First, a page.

Police declare a Los Angeles gathering unlawful as conflict breaks out between Trump supporters, counterprotesters and police. Similar clashes happen in Sacramento near the Capitol. Read more →
Trump supporters gather in Austin, Denver and Minneapolis. Denver city offices and the Texas Capitol building close early. Read more →
Biden calls on Trump to “demand an end to this siege.” Read more →
Trump tweets a video telling rioters that he loves them and urging them to go home. He continues to falsely claim that the election was stolen and that he understands how demonstrators feel. Read more →
Jon Ossoff (D) defeats David Perdue (R) in the Georgia Senate runoff, giving Democrats control of Senate. Read more →
Maryland and Virginia send National Guard and state troopers to Washington. Read more →
Protesters in Arizona shout for Gov. Doug Ducey (R) — who certified his state’s election results, despite calls for him not to do so — to come outside, pounding on Capitol doors and cracking a window. A makeshift guillotine is set up near the Arizona Capitol as Trump supporters gather in Phoenix. Read more →
A demonstration at the Oregon Capitol in Salem turns violent, prompting police to declare an unlawful assembly. An hour later, protesters breach the gates of Washington state Gov. Jay Inslee’s (D) mansion in Olympia, chanting “stop the steal” near his front door. Read more →
Around 5:45 p.m.
Police announce that Ashli Babbitt, the woman shot inside the Capitol, has died. Read more →
D.C. curfew takes effect. Most of the 69 people arrested Wednesday afternoon through early Thursday were on curfew and unlawful entry charges. Read more →
After the Capitol is secured, Congress officially declares that Biden won the election
After more than four hours, the mob was cleared and Trump’s Twitter and Facebook accounts were temporarily locked for policy violations. Congress reconvened to certify the electoral-vote tally. Around 3:40 a.m., more than 13 hours after the Capitol was breached, Vice President Pence officially affirmed the election results, declaring Biden the winner.
Around 5:40 p.m.
Police begin to clear the Capitol as rioters are pushed back and the interior is secured. Congressional leaders announce that they will proceed with the electoral vote tally. Read more →
“These are the things and events that happen when a sacred landslide election victory is so unceremoniously & viciously stripped away from great patriots who have been badly & unfairly treated for so long. Go home with love & in peace. Remember this day forever!”
Facebook removes Trump’s posts: “We removed from Facebook and Instagram the recent video of President Trump speaking about the protests and his subsequent post about the election results. We made the decision that on balance these posts contribute to, rather than diminish, the risk of ongoing violence.” Read more →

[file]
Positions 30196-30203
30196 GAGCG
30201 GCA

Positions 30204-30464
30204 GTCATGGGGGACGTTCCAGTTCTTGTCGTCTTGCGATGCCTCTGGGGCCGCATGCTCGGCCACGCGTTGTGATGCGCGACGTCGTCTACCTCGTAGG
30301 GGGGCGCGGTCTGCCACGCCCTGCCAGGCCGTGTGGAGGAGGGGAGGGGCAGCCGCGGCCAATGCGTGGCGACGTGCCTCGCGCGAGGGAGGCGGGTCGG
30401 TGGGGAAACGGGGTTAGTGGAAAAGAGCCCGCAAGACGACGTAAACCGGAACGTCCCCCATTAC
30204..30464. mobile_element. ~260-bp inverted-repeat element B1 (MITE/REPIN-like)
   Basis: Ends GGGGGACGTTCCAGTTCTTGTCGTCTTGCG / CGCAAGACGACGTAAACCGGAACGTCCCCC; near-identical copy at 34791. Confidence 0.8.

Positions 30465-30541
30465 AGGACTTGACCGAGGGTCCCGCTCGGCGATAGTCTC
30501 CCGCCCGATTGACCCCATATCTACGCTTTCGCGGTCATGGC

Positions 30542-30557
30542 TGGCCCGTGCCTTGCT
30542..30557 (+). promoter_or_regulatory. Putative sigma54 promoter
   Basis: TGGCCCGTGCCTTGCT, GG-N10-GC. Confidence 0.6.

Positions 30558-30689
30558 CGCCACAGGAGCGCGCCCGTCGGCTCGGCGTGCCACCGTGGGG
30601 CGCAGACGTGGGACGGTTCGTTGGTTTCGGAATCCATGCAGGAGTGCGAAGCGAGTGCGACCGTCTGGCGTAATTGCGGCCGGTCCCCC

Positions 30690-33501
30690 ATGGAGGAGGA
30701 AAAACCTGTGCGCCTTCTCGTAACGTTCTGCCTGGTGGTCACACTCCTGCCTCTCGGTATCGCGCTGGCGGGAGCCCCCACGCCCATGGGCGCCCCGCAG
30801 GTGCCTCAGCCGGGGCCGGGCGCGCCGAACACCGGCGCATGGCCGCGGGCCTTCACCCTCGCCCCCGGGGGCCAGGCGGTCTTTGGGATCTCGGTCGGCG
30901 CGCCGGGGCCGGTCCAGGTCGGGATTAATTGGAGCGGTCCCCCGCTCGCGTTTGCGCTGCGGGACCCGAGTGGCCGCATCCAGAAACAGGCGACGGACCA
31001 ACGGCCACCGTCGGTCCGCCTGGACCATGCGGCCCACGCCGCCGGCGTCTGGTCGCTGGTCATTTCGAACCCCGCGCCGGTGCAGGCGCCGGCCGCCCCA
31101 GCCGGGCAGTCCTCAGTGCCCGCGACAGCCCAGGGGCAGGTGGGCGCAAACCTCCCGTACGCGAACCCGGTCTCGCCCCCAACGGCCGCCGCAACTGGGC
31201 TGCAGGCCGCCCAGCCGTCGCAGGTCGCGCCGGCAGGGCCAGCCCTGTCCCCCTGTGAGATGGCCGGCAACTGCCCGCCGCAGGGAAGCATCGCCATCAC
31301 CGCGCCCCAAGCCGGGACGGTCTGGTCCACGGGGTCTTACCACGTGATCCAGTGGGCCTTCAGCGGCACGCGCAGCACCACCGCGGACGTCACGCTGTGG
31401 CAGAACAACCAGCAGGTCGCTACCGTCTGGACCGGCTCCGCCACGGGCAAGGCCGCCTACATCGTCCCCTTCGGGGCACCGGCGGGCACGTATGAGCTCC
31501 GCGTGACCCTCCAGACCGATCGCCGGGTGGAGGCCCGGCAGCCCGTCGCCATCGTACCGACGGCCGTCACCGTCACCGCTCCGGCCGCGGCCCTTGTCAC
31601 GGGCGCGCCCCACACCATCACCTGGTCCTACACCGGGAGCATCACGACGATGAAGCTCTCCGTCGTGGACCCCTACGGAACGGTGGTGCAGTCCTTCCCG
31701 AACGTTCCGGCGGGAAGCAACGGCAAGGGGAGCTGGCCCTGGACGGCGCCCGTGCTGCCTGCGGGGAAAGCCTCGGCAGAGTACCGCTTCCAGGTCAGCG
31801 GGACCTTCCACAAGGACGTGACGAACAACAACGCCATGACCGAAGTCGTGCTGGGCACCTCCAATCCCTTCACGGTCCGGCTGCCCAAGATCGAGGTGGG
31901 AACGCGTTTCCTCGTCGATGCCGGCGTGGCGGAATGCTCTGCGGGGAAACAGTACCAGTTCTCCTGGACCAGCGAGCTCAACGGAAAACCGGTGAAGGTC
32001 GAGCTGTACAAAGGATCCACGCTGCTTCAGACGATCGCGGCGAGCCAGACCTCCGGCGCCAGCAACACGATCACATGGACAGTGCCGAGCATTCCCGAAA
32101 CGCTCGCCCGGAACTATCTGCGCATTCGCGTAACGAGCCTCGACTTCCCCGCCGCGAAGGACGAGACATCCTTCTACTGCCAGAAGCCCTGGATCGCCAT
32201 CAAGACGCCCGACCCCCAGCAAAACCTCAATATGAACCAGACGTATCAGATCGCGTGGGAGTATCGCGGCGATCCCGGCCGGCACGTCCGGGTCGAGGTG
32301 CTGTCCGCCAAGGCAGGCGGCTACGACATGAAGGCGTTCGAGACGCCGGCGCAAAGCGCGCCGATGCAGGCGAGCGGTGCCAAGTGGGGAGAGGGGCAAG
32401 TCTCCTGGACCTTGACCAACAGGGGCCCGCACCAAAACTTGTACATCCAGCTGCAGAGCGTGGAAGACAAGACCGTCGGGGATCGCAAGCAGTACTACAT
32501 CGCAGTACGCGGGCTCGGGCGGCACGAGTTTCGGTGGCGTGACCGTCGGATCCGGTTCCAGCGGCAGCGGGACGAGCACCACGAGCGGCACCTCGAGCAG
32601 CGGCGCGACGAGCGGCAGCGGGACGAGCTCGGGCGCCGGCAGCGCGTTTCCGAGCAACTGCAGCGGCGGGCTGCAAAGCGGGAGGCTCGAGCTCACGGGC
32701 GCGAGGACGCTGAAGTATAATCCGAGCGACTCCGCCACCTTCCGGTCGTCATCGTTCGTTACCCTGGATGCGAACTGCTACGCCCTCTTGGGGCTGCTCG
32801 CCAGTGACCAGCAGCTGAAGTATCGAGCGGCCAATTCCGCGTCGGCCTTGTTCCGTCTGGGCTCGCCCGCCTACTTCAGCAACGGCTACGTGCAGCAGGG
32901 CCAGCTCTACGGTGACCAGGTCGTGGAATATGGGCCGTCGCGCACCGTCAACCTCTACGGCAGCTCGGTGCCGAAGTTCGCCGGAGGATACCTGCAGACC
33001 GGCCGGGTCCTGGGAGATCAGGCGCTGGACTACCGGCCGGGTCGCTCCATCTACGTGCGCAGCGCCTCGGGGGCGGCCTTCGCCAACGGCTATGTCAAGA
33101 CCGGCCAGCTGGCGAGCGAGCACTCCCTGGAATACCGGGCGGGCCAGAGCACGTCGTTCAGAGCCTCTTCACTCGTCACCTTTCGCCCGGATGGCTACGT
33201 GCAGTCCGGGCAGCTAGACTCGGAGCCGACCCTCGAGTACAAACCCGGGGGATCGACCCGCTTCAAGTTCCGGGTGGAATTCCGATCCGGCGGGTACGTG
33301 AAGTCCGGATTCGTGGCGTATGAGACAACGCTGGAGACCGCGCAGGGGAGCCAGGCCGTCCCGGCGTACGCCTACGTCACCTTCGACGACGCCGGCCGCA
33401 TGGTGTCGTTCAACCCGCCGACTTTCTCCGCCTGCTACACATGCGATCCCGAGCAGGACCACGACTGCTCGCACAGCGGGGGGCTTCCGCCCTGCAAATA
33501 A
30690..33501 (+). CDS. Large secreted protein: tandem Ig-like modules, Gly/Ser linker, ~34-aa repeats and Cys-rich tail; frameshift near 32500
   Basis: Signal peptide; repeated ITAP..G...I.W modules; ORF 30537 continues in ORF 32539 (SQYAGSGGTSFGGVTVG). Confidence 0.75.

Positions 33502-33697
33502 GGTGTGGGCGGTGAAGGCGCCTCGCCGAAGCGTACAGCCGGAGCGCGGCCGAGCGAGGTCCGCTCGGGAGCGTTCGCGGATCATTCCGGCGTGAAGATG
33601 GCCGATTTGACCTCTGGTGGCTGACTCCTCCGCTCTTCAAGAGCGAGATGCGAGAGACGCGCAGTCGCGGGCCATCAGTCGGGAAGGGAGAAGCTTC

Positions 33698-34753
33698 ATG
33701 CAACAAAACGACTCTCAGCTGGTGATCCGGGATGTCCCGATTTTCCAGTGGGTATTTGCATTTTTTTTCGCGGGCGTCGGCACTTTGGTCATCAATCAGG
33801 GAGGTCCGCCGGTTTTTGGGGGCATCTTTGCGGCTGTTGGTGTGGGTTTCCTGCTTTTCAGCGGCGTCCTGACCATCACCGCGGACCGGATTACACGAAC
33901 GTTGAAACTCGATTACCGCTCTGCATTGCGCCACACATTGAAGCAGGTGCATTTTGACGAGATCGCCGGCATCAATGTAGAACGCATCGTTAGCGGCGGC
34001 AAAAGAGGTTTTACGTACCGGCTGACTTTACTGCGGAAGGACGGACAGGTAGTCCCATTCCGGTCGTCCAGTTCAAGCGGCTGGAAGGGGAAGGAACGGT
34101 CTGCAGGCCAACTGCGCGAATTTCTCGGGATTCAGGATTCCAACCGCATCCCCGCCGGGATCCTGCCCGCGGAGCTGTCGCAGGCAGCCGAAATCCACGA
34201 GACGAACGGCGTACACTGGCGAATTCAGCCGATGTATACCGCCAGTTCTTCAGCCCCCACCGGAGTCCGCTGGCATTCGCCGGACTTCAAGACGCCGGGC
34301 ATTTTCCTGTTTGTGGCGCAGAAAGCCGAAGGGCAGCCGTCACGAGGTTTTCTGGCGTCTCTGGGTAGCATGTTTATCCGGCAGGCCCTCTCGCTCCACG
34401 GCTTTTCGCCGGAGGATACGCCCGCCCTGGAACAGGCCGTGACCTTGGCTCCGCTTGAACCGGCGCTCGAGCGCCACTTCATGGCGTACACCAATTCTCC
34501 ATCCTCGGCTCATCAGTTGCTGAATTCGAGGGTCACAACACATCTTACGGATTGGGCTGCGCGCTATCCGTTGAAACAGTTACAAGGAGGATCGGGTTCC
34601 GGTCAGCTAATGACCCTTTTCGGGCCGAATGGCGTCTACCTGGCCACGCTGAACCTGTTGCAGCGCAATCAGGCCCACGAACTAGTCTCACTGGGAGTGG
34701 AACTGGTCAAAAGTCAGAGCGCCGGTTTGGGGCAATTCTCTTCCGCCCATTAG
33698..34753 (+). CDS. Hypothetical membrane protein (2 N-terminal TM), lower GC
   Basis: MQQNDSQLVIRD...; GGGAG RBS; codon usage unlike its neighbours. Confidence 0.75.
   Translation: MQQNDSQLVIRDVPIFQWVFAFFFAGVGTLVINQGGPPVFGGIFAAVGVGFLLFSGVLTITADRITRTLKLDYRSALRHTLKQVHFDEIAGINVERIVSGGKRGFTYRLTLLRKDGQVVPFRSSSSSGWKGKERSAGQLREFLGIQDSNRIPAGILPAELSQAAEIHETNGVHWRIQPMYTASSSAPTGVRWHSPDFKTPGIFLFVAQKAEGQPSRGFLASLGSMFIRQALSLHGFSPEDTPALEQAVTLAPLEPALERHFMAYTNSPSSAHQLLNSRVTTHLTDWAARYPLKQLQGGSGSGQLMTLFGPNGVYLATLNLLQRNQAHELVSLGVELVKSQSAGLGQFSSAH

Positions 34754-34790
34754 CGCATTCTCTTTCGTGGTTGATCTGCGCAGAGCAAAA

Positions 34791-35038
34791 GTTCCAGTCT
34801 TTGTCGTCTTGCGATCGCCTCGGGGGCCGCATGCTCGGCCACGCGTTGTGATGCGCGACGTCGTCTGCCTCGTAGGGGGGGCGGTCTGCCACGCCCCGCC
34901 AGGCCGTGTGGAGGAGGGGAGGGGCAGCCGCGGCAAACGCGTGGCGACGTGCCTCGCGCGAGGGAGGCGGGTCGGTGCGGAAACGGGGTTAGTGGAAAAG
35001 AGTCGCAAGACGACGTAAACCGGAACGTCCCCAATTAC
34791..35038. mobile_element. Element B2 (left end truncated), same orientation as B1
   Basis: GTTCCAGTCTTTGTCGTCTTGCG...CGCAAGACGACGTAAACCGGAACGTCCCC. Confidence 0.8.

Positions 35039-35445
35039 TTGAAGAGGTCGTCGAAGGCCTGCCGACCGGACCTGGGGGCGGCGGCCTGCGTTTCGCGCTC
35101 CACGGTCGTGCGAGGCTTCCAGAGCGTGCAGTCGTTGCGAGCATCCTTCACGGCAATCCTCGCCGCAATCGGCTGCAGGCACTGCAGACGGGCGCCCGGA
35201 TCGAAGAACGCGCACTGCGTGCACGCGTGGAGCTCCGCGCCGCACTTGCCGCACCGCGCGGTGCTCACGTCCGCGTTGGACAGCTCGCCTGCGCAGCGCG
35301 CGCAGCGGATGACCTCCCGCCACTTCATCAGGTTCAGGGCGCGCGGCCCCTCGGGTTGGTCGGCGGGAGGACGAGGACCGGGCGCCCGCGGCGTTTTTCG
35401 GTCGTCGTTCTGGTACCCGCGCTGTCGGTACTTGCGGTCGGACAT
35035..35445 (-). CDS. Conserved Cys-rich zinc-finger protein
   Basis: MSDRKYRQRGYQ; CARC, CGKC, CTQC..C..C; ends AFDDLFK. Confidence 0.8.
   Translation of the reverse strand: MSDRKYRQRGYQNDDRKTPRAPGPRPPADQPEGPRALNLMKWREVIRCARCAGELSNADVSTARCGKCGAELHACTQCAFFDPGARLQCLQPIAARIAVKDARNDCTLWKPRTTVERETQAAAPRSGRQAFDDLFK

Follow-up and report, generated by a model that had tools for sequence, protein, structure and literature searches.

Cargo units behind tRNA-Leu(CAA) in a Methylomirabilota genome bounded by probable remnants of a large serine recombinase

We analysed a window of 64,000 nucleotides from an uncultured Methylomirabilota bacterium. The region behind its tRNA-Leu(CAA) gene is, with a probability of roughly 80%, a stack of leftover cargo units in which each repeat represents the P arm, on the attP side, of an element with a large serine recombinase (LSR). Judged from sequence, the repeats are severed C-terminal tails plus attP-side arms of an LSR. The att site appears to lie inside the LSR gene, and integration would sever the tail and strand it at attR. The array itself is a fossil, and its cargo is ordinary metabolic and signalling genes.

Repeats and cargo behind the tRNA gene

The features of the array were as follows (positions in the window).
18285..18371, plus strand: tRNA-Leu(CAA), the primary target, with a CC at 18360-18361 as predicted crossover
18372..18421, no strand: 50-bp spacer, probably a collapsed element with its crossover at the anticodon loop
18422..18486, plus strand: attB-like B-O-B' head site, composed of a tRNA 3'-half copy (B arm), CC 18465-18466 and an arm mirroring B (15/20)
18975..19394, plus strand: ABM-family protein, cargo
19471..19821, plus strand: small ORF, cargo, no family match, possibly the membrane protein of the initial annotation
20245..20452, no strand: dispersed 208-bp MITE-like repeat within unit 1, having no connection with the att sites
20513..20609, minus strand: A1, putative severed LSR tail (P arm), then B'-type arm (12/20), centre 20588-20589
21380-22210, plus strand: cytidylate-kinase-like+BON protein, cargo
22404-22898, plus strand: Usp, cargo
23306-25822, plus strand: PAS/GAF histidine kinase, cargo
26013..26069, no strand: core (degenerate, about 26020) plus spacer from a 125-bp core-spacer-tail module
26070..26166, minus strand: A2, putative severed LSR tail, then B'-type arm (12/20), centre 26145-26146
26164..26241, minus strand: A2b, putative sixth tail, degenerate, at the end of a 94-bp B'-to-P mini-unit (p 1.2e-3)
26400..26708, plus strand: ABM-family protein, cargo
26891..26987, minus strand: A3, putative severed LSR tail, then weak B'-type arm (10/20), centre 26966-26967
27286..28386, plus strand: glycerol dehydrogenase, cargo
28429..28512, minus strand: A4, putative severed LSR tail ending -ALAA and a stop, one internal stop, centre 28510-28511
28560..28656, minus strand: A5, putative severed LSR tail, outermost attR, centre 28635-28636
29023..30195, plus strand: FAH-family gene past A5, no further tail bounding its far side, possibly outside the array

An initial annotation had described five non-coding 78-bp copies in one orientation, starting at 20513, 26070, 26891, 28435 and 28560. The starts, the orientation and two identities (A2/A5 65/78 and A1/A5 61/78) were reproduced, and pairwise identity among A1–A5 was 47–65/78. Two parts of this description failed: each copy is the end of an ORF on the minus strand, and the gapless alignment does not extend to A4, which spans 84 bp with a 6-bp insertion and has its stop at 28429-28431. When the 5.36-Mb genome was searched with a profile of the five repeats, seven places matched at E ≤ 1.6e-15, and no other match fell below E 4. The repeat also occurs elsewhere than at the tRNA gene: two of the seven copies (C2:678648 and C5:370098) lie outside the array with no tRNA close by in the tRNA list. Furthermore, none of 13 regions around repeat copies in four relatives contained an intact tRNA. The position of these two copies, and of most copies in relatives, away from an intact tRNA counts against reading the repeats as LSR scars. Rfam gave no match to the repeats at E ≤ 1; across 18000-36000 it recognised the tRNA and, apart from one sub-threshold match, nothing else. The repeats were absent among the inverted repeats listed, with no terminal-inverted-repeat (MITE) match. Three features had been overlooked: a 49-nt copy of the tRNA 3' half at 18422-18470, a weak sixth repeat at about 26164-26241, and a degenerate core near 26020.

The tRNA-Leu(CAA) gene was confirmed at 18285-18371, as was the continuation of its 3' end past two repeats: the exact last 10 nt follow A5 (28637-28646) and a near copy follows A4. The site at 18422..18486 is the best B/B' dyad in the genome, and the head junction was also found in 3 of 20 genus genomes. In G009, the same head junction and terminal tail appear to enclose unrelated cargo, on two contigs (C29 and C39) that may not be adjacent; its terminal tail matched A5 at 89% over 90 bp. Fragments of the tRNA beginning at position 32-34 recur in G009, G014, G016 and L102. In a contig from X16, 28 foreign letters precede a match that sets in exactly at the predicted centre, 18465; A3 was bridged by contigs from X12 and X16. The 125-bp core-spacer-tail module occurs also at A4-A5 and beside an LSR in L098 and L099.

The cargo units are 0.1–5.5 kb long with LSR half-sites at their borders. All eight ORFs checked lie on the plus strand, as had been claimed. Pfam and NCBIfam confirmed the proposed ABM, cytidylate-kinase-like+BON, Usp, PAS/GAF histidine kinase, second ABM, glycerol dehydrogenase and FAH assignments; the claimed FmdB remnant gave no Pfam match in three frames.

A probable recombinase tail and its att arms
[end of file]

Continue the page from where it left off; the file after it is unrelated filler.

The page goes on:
Twitter removes Trump’s tweets and shuts down his account for 12 hours for “repeated and severe violations of [its] Civic Integrity policy.” Read more →
The RNC condemns Capitol violence as an “attack on our country.” Read more →
Pence reopens the Senate, saying, “Let’s get back to work.” Read more →
Facebook blocks Trump’s page for 24 hours because of policy violations, preventing any posts for that duration. Read more →
Pelosi brings the House back into session and vows that “justice will be done.” Read more →
3:42 a.m. on Jan. 7
After both the House and Senate reject challenges to Biden's wins in Arizona and Pennsylvania, Pence officially affirms the election results, declaring Biden the president-elect. Read more →
In the days that followed, shaken and angry members of Congress demanded that Trump take responsibility for inciting violence. Democrats, including House Speaker Nancy Pelosi (D-Calif.) and Senate Minority Leader Charles E. Schumer (D-N.Y.), called for Trump’s immediate removal from office, either through the 25th Amendment or impeachment.
Five people died as a result of the Capitol breach, one from gunfire and three from medical emergencies. Capitol Police Officer Brian D. Sicknick died Thursday night of unspecified injuries he suffered in the attack.
Trump eventually released a video Thursday evening, calling for calm and declaring he is now focused on a “smooth, orderly, seamless transition of power.” The very next morning, however, he sent another tweet:
10:44 a.m. on Jan. 8
“To all of those who have asked, I will not be going to the Inauguration on January 20th.”
Twitter permanently suspended Trump’s account around 6:20 p.m. Friday night for “incitement of violence.”
Updated January 9, 2021
Complete coverage: Pro-Trump mob storms Capitol building
Latest: House Democrats move rapidly toward impeaching Trump a second time | Ashli Babbitt’s journey from capital ‘guardian’ to invader | Police support on the right may be eroding
Ashli Babbitt: Her rocky path from Obama backer to devoted follower of Trump and QAnon | Video shows the fatal shooting
Minute by minute: How one of America’s ugliest days unraveled inside and outside the Capitol
Fallout: Twitter permanently bans Trump’s account, citing risk of further violence
Charges: Arkansas man who posed in Pelosi’s office and West Virginia delegate among those charged | Man accused of stealing House speaker’s lecturn charged
Officer dies: Officer Brian D. Sicknick dies after engaging rioters in Capitol mob
Resignations: Education Secretary Betsy DeVos resigns | Transportation Secretary Elaine Chao resigns | Full list of resignationsShow More
Shelly TanFollowShelly Tan is a graphics reporter and illustrator specializing in pop culture. She designs and develops interactive graphics.
Youjin ShinFollowYoujin Shin works as graphics reporter at The Washington Post. Before joining The Post, she worked as multimedia editor at the Wall Street Journal and a research fellow at the MIT SENSEable city lab.
Danielle RindlerFollowDanielle Rindler is a graphics editor at The Washington Post, where she focuses on immersive visual storytelling. Before joining The Post in 2014, she was a designer at the Arizona Republic.